Thursday, June 10, 2010

Numbers and Metrics

Before I get to an analysis of FISMA reforms and their potential impacts, I wanted touch on something that has been biting my ass for a little while.

I get asked to justify my existence and what I provide as a return on investment. As part of that, I have tried to quantify the value of an information security or risk management program. If this were a normal blog, I would launch into a diatribe replete with all the necessary management buzz words, catch phrases and witty clich├ęs. This is not a normal blog, so if that is what you are looking for then you can move on.

Much of the time information system risk management is based on existing risk assessment and monitoring frameworks, either insurance or financial or whatever. My opinion is that those don't work. Mainly, because those metrics are difficult for everyone to understand and they are basically rigged out to screw a customer. In the information systems world, the risk management framework needs to HELP a customer. I could be totally wrong though, but these frameworks are developed by corporations with a profit motive (not that there's anything wrong with that).

The other weak link in the chain (for me) is that even for quantitative frameworks, there is still room to fudge the numbers by a single person or data input. When you are assessing a mortgage for risk there is a history for a person, history for the house and the general climate of the market. All of which let us down in the recent past, due to securitization, greed and complicated schemes to make it all look good. There isn't a lot of room for that in the information security world.

I know what also isn't working - technical numbers. Number of viruses caught by AV, IDS true/false positive rates, percentage of environment patched. These don't work because MBA can see a 90% as pretty good. The problem with this is that even when you are at 100% there is still an unknown number of zero-day exploits in deployed software and there is still the element of human failures (lack of knowledge, misconfiguration and outright theft).

This wasn't supposed to sound all doom and gloom though. I am pointing out that somehow we as a community are doing something wrong. But please comment if you have had success in this arena. I have not seen it yet.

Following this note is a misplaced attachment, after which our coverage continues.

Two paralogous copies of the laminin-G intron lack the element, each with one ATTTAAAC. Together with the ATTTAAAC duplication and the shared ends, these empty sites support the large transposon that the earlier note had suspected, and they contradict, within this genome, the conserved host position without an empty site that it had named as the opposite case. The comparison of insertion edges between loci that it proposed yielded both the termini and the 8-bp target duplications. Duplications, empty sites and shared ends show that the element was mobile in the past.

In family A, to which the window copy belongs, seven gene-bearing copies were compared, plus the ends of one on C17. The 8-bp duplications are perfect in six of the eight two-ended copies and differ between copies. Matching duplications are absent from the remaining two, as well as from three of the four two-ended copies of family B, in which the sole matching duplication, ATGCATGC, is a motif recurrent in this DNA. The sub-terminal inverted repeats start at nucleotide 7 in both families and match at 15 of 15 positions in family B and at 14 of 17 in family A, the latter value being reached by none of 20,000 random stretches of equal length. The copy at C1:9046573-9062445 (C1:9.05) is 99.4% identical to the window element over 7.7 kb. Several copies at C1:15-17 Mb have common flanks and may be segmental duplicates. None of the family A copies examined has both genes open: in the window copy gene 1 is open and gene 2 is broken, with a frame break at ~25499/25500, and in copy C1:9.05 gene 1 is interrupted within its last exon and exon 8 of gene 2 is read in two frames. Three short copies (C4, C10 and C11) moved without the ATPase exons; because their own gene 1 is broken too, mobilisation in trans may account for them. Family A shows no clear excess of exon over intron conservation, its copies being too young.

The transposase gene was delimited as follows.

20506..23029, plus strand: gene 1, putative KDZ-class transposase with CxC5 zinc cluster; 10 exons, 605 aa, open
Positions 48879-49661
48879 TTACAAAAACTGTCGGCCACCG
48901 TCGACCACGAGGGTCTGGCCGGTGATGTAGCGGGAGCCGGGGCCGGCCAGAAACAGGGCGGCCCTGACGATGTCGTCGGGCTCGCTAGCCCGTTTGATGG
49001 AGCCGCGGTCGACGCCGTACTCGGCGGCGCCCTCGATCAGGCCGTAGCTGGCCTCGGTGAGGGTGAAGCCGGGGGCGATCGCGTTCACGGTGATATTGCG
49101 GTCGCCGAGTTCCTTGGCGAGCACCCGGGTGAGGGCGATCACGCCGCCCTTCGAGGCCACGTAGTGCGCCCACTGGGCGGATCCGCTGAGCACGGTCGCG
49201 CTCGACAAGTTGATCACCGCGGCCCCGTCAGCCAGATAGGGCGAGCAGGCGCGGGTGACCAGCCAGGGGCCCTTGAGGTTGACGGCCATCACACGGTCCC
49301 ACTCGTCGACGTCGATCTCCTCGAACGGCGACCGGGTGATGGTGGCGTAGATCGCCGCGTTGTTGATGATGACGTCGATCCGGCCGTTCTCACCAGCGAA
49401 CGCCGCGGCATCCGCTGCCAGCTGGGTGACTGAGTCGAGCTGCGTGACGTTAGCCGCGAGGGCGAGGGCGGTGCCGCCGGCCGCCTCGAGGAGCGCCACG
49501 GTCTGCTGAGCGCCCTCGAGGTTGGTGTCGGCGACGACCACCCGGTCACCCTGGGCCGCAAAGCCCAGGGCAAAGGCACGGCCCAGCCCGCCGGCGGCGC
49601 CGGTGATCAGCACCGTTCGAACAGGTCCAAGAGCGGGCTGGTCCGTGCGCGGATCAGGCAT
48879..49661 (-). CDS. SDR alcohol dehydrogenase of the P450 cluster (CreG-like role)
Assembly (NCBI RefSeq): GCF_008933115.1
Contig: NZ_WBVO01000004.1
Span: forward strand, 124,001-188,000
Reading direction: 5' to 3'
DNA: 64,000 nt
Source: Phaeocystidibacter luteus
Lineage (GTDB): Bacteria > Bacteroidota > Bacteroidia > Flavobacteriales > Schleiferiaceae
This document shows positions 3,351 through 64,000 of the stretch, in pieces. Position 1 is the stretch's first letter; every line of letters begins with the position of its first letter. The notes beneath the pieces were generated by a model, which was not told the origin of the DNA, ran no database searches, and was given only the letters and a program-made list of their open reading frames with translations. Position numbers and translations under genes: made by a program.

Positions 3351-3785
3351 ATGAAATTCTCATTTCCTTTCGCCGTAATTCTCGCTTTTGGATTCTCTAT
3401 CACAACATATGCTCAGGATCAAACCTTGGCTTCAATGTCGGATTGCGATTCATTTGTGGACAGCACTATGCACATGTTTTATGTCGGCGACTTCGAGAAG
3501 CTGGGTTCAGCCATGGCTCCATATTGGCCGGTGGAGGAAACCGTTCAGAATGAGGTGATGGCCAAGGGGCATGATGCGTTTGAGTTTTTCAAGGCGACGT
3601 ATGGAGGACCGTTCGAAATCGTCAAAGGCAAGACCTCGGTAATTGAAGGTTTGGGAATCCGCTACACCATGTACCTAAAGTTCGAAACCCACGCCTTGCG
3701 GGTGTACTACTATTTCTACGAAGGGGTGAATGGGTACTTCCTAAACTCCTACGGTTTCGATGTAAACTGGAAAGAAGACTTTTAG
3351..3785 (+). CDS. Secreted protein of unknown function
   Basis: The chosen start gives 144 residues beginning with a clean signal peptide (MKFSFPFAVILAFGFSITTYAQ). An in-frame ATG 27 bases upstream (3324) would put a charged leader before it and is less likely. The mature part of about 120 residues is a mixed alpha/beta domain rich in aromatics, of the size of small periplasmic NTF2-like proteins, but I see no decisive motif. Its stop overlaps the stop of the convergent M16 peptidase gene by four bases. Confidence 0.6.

My idea:

I have been a fan of Eli Goldratt and the Theory of Constraints for about 10 years now, and I would love to figure out a way to apply ToC to information system risk management. You will notice I didn't say information security because a holistic risk management program includes operational and security risks.

For a couple of reasons: it is flexible for a dynamic environment, it depends on the improvement processes and the measurements for success are easy to understand.

Where's my white board?


Anonymous said...

I too am a fan of the work NIST has done, but how do you argue against the naysayers like Alan Paller who recently testified on the hill?

Especially when they have such convincing evidence to point out why FISMA has failed?

Check his testimony out below:

Fan of cyberhiker!

Chris said...

I would start with saying that Paller hasn't done any compliance work under FISMA ... ever.

I believe that the only reason that he gets invited to be listened to is that he actively lobbies Congress to be asked to testify.

I would also say that most organizations don't actually implement 800 series guidance to the fullest extent possible. They stop short for whatever reason. I've mentioned before that FISMA is about standing up a meaningful risk-based infosec program not following 20 disparate controls with little no strategy.

Lastly, I would point out that politicians don't understand the nuts and bolts of information security.

I could get more specific if you wanted to contact me directly.

Alex Hutton said...

Hey, Chris!

Patrick Florer a big ToC advocate, too, and would probably love to talk to you about it.

Let me encourage you to join SIRA and post a note about ToC!